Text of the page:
Cigarette smoking played a role in 19% of cancers and 29% of cancer-related deaths in 2014.
It is well-known that certain modifiable risk factors—including diet and smoking—can prevent the development of cancer. New data published by CA: A Cancer Journal of Clinicians suggests that nearly half of cancer cases and cancer-related deaths are preventable.
Based on current cancer rates, the authors estimated that 42% of cancer cases and 45% of cancer deaths are associated with modifiable risk factors.
In 2014 specifically, 659,640 out of 1.6 million cancer cases and 265,150 out of 587,521 cancer deaths were preventable, according to the study.
The authors calculated how much modifiable lifestyle behaviors contributed to the risk of 26 different cancers among adults 30 years of age and older. Risk factors included:
· secondhand smoke
· excess weight
· alcohol consumption
· eating red meat
· not eating enough fruits, vegetable, fiber, and calcium
· a lack of exercise
· UV radiation
· infections with Helicobacter pylori, hepatitis B virus, hepatitis C virus, human herpes virus type 8, HIV, and human papillomavirus (HPV)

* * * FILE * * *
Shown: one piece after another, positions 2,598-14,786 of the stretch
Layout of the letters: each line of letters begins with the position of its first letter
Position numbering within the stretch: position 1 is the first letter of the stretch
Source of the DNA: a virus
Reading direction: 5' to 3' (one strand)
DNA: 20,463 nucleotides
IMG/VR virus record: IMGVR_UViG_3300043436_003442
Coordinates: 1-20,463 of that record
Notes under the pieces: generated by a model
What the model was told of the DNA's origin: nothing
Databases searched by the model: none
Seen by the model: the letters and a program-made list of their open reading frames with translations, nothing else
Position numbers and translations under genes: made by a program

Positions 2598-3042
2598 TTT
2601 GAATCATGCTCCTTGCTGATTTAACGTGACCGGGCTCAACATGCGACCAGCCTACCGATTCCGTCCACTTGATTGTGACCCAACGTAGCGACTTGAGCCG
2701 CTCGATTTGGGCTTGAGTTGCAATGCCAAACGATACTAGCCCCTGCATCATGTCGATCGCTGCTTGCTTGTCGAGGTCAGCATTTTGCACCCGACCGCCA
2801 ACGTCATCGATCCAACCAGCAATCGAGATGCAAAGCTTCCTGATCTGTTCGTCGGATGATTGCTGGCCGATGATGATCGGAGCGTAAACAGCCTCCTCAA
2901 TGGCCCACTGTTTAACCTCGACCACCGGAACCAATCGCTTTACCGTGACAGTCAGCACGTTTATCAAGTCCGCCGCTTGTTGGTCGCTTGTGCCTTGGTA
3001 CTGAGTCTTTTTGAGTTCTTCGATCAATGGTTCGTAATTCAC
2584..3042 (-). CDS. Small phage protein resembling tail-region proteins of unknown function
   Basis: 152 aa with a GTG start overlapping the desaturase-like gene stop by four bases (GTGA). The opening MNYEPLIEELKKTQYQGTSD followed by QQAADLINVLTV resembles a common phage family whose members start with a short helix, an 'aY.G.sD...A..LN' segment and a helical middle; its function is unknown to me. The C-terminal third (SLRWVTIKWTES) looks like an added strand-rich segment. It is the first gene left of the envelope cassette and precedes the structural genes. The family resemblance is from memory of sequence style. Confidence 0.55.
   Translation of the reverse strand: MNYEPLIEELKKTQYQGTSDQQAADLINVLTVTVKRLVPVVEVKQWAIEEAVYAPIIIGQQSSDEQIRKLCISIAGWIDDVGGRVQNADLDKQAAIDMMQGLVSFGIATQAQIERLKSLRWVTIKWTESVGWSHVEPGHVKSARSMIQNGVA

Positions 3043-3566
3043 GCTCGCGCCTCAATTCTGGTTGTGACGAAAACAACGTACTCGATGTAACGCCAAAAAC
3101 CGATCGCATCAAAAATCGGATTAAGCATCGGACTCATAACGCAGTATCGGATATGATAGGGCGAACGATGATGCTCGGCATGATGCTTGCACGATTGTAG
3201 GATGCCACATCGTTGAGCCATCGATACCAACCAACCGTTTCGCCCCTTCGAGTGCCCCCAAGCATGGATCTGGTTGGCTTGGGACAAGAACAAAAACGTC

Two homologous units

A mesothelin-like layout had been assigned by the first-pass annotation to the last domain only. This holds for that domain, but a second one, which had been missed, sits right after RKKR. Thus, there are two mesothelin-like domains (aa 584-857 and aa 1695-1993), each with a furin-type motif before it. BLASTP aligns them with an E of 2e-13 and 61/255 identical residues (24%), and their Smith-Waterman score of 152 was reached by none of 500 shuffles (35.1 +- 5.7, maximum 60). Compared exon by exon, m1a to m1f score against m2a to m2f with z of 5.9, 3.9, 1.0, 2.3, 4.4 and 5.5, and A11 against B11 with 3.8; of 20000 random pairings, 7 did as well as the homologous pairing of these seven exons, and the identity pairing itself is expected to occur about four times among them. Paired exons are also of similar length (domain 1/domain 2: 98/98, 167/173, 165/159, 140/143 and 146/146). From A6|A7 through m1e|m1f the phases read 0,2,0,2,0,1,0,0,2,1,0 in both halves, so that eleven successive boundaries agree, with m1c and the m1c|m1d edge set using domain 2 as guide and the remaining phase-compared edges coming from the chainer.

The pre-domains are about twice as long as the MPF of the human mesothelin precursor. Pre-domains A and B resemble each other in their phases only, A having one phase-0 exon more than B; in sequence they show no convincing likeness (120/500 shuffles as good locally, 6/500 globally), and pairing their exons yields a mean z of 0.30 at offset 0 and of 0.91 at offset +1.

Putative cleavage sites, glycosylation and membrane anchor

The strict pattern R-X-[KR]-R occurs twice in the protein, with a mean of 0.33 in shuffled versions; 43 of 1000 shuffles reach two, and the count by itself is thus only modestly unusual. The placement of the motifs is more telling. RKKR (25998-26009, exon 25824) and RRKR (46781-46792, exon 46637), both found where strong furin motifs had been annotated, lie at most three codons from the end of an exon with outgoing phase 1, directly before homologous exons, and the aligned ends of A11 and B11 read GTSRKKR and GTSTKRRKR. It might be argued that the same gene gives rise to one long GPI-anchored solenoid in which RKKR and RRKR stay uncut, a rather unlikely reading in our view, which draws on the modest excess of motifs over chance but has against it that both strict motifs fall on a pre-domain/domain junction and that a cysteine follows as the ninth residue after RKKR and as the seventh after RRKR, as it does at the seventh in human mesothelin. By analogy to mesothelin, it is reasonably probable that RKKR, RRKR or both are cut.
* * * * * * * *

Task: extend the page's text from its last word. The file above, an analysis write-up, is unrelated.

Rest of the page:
The authors first examined the prevalence of the factors and their relative risk to determine the prevalence of associated cancers. The researchers then applied the estimates to actual cancer diagnosis and mortality data.
The authors said that their study improves upon previous research since they included additional risk factors and up-to-date national data.
Although cancer mortality rate has dropped 25% since 1991, the American Cancer Society projects that more than 1.6 million cancers and 600,000 deaths will occur in 2017. The authors note their findings may help guide prevention efforts, according to the study.
Cigarette smoking caused the highest number of cancers and cancer-related deaths, at 19% and 29%, respectively, according to the study.
The study found that excess body weight was also a major risk factor and accounted for 7.8% of cancers and 29% of related deaths in 2014.
Exposure to UV radiation was linked to 5% of cancer cases and 1.5% of deaths, while physical activity played a role in 2.9% of cancers and 2.2% of deaths, according to the study.
When excess body weight, alcohol consumption, poor diet, and physical activity were grouped, the authors discovered that the risks were linked to 18% of cancers and 16% of deaths.
Additionally, the authors found these risk factors contributed to 100% of cervical cancers and Kaposi sarcoma and more than 75% of melanoma, anal, lung, larynx, and oral cavity cancers.
For 15 of the 26 cancer types examined, the proportion of cancer cases connected to modifiable risk factors exceeded 50%, according to the study.
The authors suggest that increased awareness and availability of prevention strategies—including taxing cigarettes and increasing HPV vaccination—could reduce the burden of preventable cancers.